As you leave nursing school and enter a real-life hospital environment, some things may seem scarily different. From the amount and variety of people that you care for, to the ever-increasing demands of work, there are many reasons as to why you could be made to feel browbeaten by this new step in your life. However, fear not: read on to find out how you can become a better nurse, be more confident, and avoid burning out as you begin your new career in nursing!
Going into an unfamiliar environment is stressful enough on its own. However, the demand really piles up when you have to be professional, courteous, and friendly all the while caring for the health of many individuals. What can be especially unsettling for new nurses is the number of new faces around them – from administrative staff to various doctors and consultants and even porters, this can be really overwhelming, especially when you are expected to settle in very quickly and effectively.
There is, thankfully, a way to break the proverbial ice and fit in with your new team – introducing yourself. Your colleagues would be more than happy to get to know you better, and the more people you are familiar with, the more comfortable you will become within your unit. Furthermore, you never know where life can take you, so talking to the right person can really help to smooth things along and perhaps bring interesting opportunities in the future.
As you get to know people, you will eventually find someone that you really get along with. A fellow team member, or perhaps a more seasoned nurse or doctor, can be a really good mentor to guide you in your professional practice. Not only will this help your relationship with your fellow colleagues, but you will become a much better nurse and will feel more confident in your abilities as time goes on.
Even though you might have heard this many times before, it’s vitally important that you ask questions. Not asking questions means that, over time, you lose out on knowledge and you deny yourself the ability to grow – not only can this be dangerous for your professional status, but it is, at the end of the day, a danger for your patients. Healthcare is an ever-changing field, and there are new paradigms being developed almost every day. Of course, you cannot keep up with every single little development, but in order to bring the best degree of care for your patients, you should try and aim to continually develop and sharpen your nursing skills.
Always remember that there are no ‘stupid’ questions – any question is a good question! By having this mindset, not only will you develop your own skills, but you will come across as a better nurse to others too, because it will look like you care and are not pretending to be a know-it-all.
Look Things Up
You are now a registered nurse – you have passed all your exams with flying colours. So, you can stop relying on memory so much. Feel free to look up medications before you administer them, look up refreshers on certain skills, look up blood test ranges, and so on. Having quick reference guides on you, physical or digital, is not something that you should look down upon as ‘cheating’. By spending more time on the task at hand rather than expending mental energy trying to remember obscure facts, you not only help yourself remain destressed and effective, but you also help your colleagues and patients alike by being a better nurse. Over time these things will become ingrained in your memory, but at the start of your career, it’s recommended that you look some things up, too!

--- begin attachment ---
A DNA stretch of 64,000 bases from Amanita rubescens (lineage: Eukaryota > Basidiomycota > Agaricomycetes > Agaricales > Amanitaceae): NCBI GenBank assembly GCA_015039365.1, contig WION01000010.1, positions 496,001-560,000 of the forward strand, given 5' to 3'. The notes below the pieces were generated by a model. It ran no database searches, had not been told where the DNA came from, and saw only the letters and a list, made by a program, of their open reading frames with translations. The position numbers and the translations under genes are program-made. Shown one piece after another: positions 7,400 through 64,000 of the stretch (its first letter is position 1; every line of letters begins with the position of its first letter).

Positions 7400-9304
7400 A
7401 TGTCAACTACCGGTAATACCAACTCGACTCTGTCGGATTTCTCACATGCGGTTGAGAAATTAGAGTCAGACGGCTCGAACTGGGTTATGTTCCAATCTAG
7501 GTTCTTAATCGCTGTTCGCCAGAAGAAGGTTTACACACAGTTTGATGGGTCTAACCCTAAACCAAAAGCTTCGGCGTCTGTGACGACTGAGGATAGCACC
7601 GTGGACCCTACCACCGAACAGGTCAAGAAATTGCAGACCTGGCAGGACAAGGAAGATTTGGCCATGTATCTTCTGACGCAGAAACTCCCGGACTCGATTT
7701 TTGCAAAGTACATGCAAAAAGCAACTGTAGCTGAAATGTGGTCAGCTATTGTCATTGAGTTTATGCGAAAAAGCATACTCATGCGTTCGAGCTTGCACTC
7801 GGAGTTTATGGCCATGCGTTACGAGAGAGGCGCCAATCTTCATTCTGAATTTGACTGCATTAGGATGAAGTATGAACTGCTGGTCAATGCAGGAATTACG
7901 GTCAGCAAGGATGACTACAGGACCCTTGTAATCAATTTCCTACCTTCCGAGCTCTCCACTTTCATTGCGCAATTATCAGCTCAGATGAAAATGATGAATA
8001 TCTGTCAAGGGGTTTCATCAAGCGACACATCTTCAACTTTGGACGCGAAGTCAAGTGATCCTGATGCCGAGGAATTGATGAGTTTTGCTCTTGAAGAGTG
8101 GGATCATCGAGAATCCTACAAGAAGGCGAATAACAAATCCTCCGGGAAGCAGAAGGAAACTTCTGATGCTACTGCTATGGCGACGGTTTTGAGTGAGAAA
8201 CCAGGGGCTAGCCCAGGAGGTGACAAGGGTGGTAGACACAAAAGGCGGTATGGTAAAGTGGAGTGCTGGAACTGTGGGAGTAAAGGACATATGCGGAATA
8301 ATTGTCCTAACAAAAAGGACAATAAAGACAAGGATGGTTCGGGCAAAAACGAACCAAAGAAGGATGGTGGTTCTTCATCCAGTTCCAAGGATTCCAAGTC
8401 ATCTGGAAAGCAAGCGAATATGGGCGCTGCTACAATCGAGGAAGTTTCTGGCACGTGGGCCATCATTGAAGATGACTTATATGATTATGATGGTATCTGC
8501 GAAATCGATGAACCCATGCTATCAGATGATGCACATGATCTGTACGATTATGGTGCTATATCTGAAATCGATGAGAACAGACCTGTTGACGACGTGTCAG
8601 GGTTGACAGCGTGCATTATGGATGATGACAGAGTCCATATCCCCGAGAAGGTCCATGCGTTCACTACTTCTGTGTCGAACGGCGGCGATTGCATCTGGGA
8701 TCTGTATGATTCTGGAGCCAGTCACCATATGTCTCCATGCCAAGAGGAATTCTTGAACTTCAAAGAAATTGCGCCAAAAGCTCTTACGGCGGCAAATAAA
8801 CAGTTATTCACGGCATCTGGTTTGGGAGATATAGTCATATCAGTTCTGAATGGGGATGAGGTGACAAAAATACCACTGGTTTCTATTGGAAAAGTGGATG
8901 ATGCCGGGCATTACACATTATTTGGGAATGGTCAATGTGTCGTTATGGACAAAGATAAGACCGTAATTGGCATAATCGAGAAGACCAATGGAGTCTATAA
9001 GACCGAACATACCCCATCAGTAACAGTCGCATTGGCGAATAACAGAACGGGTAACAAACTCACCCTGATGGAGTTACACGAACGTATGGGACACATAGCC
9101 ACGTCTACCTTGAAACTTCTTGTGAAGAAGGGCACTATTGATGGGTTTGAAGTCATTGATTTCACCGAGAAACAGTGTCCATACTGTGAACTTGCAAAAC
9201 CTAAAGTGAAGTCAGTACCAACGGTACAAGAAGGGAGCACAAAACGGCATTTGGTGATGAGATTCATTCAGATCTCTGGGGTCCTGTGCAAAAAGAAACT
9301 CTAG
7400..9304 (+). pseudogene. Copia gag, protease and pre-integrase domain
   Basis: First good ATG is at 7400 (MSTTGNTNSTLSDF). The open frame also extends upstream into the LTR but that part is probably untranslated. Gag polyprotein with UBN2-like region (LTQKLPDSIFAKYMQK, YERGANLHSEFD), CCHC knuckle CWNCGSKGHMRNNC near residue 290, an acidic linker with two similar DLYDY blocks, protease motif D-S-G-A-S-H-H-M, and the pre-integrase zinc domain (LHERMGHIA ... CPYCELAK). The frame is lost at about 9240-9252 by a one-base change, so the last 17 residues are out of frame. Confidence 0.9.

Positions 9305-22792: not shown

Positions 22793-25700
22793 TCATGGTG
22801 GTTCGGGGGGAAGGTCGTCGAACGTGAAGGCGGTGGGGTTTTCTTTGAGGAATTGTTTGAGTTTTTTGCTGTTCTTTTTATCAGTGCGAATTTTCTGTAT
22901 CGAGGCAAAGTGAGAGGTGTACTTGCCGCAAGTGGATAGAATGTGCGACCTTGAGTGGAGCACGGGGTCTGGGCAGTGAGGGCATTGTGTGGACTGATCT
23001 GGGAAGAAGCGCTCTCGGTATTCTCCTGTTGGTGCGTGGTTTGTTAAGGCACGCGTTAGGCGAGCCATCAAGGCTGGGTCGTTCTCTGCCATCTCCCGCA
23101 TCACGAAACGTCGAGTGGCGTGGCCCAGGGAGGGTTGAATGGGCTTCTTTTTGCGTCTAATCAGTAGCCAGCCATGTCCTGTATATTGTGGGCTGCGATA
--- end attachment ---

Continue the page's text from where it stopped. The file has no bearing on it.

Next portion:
If you are a very dedicated person and are committed to your work, another way to develop your nursing skills, perhaps at a later stage in your career, is looking into an online graduate nursing program that you can complete from the comfort of your own home – click here to find out more. This can be an invaluable tool that can help you to gain a lot of confidence over time and improve your career prospects.
Put Yourself First
As you take care of others, you should also take care of yourself. Many nurses feel overwhelmed during their first year on the job, and so it’s not uncommon for some to even drop out completely. Many nurses overlook basic needs like getting enough sleep or eating well. With how demanding the job is, these things can be really important so make sure you get enough sleep throughout the day and don’t skip on meals during the day! You can even ask the people that you live with to respect your sleep schedule, especially if you have irregular shift work unless it is an emergency – that way, you can be sure that you will be fully rested for a new day at work!
If it all gets too much, never be afraid to speak out and seek help – try seeking help from one of your colleagues or going to your line manager for a referral. Even speaking to your partner or family can help if you feel comfortable doing so. Whatever you end up doing, always remember to be proud for putting yourself number one – not only does this help you, but it also ensures that you are at peak efficiency to be able to care for others, too.
Overall, there is no doubt that being a nurse is a difficult job, especially when starting out. However, you should always try to involve yourself in the workplace – getting to know your team, and asking for help whenever you need it, will pay off dividends later on. Remember also that there is no shame in looking things up from time to time – ultimately, you should put yourself first and care for yourself just as you would care for others in order to be the best nurse you can be!